With the events of GDPR having taken place so far, it still has not given consumers any more confidence when it comes to interactions with publishers and marketers online, according to a survey of UK consumers by Ipsos and Trust Arch. 2,230 adults were surveyed by the companies this month to see how they felt in the wake of GDPR’s passage a year ago.

Questions were asked in the survey about trust, compliance perceptions and whether consumers had exercised their data rights under the new rules. 57% of UK consumers aid they’d be more likely to do business with publishers and brands that could demonstrate GDPR compliance, with a seal or badge.

25% of UK survey respondents felt that they were able to tell if a company was GDPR complaint. 36% of respondents agreed with the statement “I trust companies and organizations with my personal data more since the GDPR privacy regulation came into effect one year ago.”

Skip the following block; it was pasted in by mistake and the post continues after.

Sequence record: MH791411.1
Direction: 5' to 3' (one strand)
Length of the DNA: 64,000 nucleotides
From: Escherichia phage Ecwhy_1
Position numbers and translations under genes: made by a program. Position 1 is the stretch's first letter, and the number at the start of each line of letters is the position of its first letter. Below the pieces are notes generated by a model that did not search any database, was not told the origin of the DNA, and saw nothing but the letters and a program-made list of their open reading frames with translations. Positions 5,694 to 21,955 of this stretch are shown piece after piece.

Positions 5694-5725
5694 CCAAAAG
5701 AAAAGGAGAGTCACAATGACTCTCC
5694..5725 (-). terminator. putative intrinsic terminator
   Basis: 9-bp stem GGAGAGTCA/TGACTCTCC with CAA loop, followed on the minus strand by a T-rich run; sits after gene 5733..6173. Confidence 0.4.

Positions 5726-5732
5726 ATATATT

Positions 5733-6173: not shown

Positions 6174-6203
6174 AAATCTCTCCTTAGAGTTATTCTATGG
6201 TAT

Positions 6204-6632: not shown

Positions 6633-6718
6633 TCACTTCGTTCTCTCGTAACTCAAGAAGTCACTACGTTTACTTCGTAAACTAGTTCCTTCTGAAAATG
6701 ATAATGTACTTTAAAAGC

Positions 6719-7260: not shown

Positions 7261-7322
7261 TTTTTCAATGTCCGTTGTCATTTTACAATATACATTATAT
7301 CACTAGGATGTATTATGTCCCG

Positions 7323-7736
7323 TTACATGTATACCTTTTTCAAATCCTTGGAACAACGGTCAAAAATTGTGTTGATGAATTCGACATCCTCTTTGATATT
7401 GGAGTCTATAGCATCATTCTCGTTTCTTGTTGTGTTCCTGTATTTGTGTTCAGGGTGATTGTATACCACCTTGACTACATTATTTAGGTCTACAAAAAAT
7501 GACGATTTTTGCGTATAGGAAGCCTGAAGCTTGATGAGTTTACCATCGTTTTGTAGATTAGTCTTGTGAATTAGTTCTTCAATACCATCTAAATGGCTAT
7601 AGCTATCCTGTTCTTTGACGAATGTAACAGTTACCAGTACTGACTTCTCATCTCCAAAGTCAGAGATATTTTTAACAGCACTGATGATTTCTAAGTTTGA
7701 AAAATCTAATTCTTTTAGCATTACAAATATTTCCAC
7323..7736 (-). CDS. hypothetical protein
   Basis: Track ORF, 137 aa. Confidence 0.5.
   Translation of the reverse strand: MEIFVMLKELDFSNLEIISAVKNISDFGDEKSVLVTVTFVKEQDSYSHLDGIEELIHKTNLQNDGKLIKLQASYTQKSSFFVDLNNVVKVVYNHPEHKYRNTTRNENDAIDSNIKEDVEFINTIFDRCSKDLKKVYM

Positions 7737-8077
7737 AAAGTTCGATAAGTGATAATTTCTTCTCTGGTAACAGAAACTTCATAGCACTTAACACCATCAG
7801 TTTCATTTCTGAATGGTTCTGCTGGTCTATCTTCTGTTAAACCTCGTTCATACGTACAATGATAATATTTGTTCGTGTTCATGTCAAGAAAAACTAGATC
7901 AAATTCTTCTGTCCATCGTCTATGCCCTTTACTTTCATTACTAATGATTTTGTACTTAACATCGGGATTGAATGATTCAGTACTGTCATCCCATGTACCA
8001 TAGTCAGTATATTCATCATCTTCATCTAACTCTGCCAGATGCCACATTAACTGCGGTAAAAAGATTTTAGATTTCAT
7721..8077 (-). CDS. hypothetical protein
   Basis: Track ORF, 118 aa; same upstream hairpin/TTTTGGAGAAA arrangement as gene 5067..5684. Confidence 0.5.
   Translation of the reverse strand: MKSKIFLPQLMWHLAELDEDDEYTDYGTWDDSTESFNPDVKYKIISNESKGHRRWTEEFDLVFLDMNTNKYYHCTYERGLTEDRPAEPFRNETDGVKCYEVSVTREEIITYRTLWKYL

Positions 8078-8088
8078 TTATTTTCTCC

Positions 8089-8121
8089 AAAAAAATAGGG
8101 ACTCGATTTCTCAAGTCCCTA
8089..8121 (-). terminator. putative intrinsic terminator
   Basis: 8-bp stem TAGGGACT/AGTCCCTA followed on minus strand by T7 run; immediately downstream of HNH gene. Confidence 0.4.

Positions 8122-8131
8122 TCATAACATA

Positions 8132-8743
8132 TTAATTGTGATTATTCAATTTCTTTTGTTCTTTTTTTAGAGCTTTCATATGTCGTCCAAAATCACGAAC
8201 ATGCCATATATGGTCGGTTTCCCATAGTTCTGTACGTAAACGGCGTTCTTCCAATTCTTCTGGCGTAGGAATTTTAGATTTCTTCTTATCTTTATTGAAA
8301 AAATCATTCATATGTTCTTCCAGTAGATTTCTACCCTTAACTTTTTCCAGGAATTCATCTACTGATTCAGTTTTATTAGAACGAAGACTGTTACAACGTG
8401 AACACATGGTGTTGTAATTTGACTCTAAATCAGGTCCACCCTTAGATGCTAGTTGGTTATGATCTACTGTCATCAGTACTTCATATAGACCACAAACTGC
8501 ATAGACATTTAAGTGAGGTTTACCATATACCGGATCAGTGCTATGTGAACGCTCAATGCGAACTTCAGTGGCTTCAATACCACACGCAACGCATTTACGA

There was confusion about whether or not GDPR privacy regulation was actually effective. 34% of respondents felt that enforcement “worked well,” while 39% were neutral, 14% disagreed and 12% didn’t know.

The survey asked whether or not respondents “exercised your GDPR privacy rights.” Only a small minority have done so according to the findings:

  • Opting-out of/unsubscribing to email marketing: 35%
  • Opting-out of/not consenting to a request to install cookies: 23%
  • To restrict the use of your personal data: 13%
  • To erase or delete your personal data: 10%
  • To correct personal data held about you: 6%
  • To request access to your personal data: 5%
  • To request to transfer your personal data: 3%
  • To make a privacy complaint to a regulator: 3%
  • None of these: 43%
  • Don’t know: 10%

SourceGreg Sterling